If you want to get started with passive income creation then join the Passive Investors Circle today.

Join the Passive Investors Circle
jeff@debtfreedr.com
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10 responses to “Straight Outta Training: How To Retire In 10 Years With No Savings

Frankie

Nice article, but how are we supposed to get the 2.9 million dollars if not by investing in index funds?

jeff@debtfreedr.com

That was simply an example of showing that you don’t need to save as much as you think you might need to save in order to retire.

Richard

I understand the power of real estate, but this physician is not diversified if he puts all his money in real estate or syndications. Is he putting $2.9 million in one syndication or multiple? My goal is to have at least 10% in real estate in my total portfolio. I could not fathom putting everything in one asset class or holding.

jeff@debtfreedr.com

This example was only for educational purposes. I was simply pointing out that there was an alternative to the “traditional retirement model” that we’ve been taught via advisors. You don’t need near as much as we’ve been led to believe we need in order to retire.

And also, I would recommend spreading out over multiple syndications too.

Russell Allen

Can you please explain how the $203,000 is tax free? How does depreciation play into this scenario? My accountant told me that once you hit a certain income threshold, you are no longer to take write-offs on passive income; I’m not sure if this is how you are using the depreciation in this case or not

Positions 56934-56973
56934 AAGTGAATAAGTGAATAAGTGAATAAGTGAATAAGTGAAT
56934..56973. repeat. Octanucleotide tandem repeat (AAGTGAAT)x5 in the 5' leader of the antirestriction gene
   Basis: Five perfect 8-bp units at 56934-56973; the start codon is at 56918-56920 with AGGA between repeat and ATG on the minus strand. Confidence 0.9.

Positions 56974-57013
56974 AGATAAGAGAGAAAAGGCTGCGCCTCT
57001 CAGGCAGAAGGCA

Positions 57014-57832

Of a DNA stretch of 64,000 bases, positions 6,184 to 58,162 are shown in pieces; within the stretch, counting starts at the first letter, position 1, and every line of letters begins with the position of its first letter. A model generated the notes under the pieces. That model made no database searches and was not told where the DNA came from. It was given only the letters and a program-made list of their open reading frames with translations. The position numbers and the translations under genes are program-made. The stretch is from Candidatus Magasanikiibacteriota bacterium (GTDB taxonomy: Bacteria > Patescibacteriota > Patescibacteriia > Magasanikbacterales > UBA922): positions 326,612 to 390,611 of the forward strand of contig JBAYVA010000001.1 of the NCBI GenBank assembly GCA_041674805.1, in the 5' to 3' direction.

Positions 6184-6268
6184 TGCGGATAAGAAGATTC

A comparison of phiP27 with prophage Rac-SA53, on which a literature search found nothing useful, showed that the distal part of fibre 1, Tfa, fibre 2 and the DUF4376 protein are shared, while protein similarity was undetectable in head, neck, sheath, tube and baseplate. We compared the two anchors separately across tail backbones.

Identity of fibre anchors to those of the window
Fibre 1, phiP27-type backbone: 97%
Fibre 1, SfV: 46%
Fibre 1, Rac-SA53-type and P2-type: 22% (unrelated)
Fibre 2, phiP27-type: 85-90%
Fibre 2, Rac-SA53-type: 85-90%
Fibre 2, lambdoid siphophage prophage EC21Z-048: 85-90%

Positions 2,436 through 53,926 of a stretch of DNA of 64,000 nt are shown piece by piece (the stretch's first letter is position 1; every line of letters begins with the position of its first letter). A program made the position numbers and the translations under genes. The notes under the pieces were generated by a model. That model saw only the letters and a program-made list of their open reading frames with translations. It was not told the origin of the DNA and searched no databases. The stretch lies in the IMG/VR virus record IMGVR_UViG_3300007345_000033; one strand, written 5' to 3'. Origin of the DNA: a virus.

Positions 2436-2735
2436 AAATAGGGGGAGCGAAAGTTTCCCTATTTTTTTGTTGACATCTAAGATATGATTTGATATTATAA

jeff@debtfreedr.com

Typically the depreciation that you receive initially from investing (most sponsors tend to front load it to get the investors the maximum amount of tax benefits) will help offset the passive income. This income is from the quarterly distributions you’ll receive during the hold period. This is from our own personal experience. Check with a good CPA that is knowledgabe about real estate investing.

Arinze Ikeme

Great article. The writer of the article is right. It’s a simple guide to introduce real estate syndication as a great means of creating passive income irrespective of the stock market. You don’t need to save $2.9 million before investing. You just keep investing monthly and annually and it builds up over time. I have invested in real estate syndications like Peer Street, Equity multiple, Crowd street, etc. While there are undoubtedly risks involved, you can start as low as $1,000 in PeerStreet through $10,000 in Equity multiple and $25,000 in Crowdstreet. Over the years, it adds up and u can keep reinvesting your returns. I personally would not invest 100% of my portfolio into real estate syndicates because the real estate took a bit of a hit with the pandemic. Diversification is key.

jeff@debtfreedr.com

Yes, you can start off with a much lower initial amount to invest with the platforms you mentioned. I tend to shy away from these as I was burned a few years back with Realty shares. The problem is that you don’t get to know the sponsors that are pitching deals to these sites.

I want to know who I’m going to be investing my hard earned money with plus being able to recommend them to other readers of this site. I have to be able to perform a good bit of due diligence, meet them face to face, tour property with them, discuss their business plan, etc.

Shaun

What are some good starting points for investing in real-estate syndication? Any reputable company you can recommend?

jeff@debtfreedr.com

I’d encourage you to read about syndications on this site from our personal experience. Also, read books and listen to podcasts. You’ll start learning about what’s involved plus who to work with (and who NOT to work with).

I recommend only those I personally invest with to members of the Passive Income Circle.